Whether you wind up on DSL, cable or satellite you will be best served by having a router. I haven't used satellite for internet service so I don't know the hardware and capabilities? But I would think that a stand-alone router could be used if wanted? The only real reason you would want to get a router yourself would be if you want to go wireless to your computer. Wireless is good if you want to have your computer somewhere other than where your line comes in, you are prone to moving your machine or you use a laptop.

    They are all different and you need to check into them and do some reading to educate yourself about it some. I have all means available to me here so I have the luxury of choices. You have to shop for the best price and service.
    "Success is not final, failure is not fatal: it is the courage to continue that counts." Winston Churchill

  14. #14
    Join Date
    Dec 2007
    Location
    Tulare County, CA USA
    Posts
    1,380

    Default

    Quote Originally Posted by dragonfly View Post
    So is always being connected to the internet a good thing? I think I read a couple of years ago that this makes you more susceptible to viruses and such. Is that true?
    Well yes, that can be true. Just remember to take a break every hour. Maybe walk out and check the bees and see what kind of birds are visiting the feeders...
    If you forget to take regular breaks then just be sure to pop a few extra vitamins and drink plenty of fluids, at least some of which should be non-alcoholic... You'll be fine.

  15. #15
    Join Date
    Jun 2002
    Location
    parker county, tx
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    7,923

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    Quote Originally Posted by cow pollinater View Post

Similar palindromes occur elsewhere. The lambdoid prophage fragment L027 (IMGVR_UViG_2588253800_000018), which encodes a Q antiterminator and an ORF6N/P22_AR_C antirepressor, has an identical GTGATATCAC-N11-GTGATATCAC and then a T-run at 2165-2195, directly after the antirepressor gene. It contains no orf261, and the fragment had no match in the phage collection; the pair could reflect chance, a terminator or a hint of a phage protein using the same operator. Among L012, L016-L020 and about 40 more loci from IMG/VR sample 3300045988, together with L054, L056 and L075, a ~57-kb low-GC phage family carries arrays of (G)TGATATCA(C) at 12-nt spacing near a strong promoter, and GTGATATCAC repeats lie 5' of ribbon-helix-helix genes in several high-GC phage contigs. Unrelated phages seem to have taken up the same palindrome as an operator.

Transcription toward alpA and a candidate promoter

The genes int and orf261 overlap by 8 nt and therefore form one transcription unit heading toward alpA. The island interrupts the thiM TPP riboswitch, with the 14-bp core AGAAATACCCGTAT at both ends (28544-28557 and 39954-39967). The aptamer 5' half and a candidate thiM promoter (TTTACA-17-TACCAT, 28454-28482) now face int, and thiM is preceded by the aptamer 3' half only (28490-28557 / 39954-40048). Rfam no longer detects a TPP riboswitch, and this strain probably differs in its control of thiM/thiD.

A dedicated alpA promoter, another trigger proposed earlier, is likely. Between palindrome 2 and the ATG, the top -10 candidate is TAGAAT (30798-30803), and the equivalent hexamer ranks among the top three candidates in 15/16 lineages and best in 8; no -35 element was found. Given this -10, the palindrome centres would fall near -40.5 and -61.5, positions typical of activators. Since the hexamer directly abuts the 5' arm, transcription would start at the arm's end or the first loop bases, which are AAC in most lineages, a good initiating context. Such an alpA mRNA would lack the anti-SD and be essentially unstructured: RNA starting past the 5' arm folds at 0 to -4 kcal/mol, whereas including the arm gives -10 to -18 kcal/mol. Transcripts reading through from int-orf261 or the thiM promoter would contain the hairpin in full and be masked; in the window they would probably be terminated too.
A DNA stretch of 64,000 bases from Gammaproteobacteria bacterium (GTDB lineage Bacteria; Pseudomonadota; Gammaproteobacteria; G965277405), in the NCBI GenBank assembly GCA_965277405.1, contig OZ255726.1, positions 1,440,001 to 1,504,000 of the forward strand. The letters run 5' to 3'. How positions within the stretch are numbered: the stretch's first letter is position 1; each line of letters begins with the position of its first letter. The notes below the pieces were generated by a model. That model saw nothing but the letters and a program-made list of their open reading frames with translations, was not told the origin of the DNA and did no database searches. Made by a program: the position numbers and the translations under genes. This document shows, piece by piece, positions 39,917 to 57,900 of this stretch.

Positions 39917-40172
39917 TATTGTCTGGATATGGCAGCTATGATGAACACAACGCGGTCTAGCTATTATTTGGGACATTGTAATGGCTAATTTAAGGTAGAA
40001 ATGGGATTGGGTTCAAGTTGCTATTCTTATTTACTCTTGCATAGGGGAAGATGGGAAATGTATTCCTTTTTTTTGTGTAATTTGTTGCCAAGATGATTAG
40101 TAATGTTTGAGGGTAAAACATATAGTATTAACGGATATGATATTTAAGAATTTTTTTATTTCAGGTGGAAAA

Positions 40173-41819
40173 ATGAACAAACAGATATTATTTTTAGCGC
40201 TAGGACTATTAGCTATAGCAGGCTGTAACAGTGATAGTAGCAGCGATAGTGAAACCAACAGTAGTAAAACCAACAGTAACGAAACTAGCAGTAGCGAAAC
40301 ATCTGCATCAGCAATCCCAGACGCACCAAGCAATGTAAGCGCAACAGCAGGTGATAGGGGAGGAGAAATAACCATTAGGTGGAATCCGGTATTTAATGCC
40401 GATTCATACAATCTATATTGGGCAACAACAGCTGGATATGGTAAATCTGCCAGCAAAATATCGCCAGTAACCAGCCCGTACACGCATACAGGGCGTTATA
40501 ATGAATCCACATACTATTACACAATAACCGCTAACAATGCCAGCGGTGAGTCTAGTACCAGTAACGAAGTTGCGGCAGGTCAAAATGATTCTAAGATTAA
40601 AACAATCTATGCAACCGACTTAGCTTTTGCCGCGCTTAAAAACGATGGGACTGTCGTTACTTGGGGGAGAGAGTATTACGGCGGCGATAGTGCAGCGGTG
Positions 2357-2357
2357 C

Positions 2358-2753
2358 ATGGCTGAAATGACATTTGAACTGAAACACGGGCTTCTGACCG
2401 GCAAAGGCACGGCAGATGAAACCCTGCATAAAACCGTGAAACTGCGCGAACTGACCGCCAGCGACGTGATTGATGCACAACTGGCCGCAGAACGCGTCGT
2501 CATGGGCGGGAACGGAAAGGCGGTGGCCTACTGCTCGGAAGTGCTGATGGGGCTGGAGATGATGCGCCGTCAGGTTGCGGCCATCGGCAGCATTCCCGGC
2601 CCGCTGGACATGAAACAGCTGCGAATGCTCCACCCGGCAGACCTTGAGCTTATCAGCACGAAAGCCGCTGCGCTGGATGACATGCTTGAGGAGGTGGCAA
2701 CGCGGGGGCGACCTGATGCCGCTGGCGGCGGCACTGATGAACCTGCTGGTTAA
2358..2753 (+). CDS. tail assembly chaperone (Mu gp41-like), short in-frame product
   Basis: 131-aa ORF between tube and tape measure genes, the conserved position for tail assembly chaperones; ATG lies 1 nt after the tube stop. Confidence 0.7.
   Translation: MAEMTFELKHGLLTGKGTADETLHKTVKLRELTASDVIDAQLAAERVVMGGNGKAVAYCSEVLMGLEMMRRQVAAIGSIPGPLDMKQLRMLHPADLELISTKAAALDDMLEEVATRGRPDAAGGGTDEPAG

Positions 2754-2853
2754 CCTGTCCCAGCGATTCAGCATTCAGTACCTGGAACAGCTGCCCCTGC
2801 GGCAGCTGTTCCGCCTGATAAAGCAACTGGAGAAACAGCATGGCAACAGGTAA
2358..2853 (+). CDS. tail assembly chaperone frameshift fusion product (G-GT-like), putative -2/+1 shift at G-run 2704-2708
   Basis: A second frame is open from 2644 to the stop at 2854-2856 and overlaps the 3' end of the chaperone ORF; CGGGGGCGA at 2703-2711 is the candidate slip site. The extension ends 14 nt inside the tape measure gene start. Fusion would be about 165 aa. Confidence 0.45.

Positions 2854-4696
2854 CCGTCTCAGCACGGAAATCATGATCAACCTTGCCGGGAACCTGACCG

Well yes, that can be true. Just remember to take a break every hour.

    If you forget to take regular breaks then just be sure to pop a few extra vitamins and drink plenty of fluids, at least some of which should be non-alcoholic... You'll be fine.

    I knew I could count on you for good advice.
    So many weeds.......so little time.

  16. #16
    Join Date
    May 2007
    Location
    Hillsboro, Wisconsin, USA
    Posts
    1,672

    Default

    Quote Originally Posted by dragonfly View Post

    I knew I could count on you for good advice.
    Like Sheri and John, we have Wildblue. We are in an area without cable or DSL, so our options are limited.

    Absolutely no complaints on Wildblue's service. Be careful you don't get into the bandwidth limits on your plan, throttling down to dialup speed is painful. If you need more bandwidth, go to a higher usage plan. It is easy to use up bandwidth, especially with a teenage son who decides to download a Linux operating system, instead of receiving the free CDs in the mail. Plan accordingly.

    MM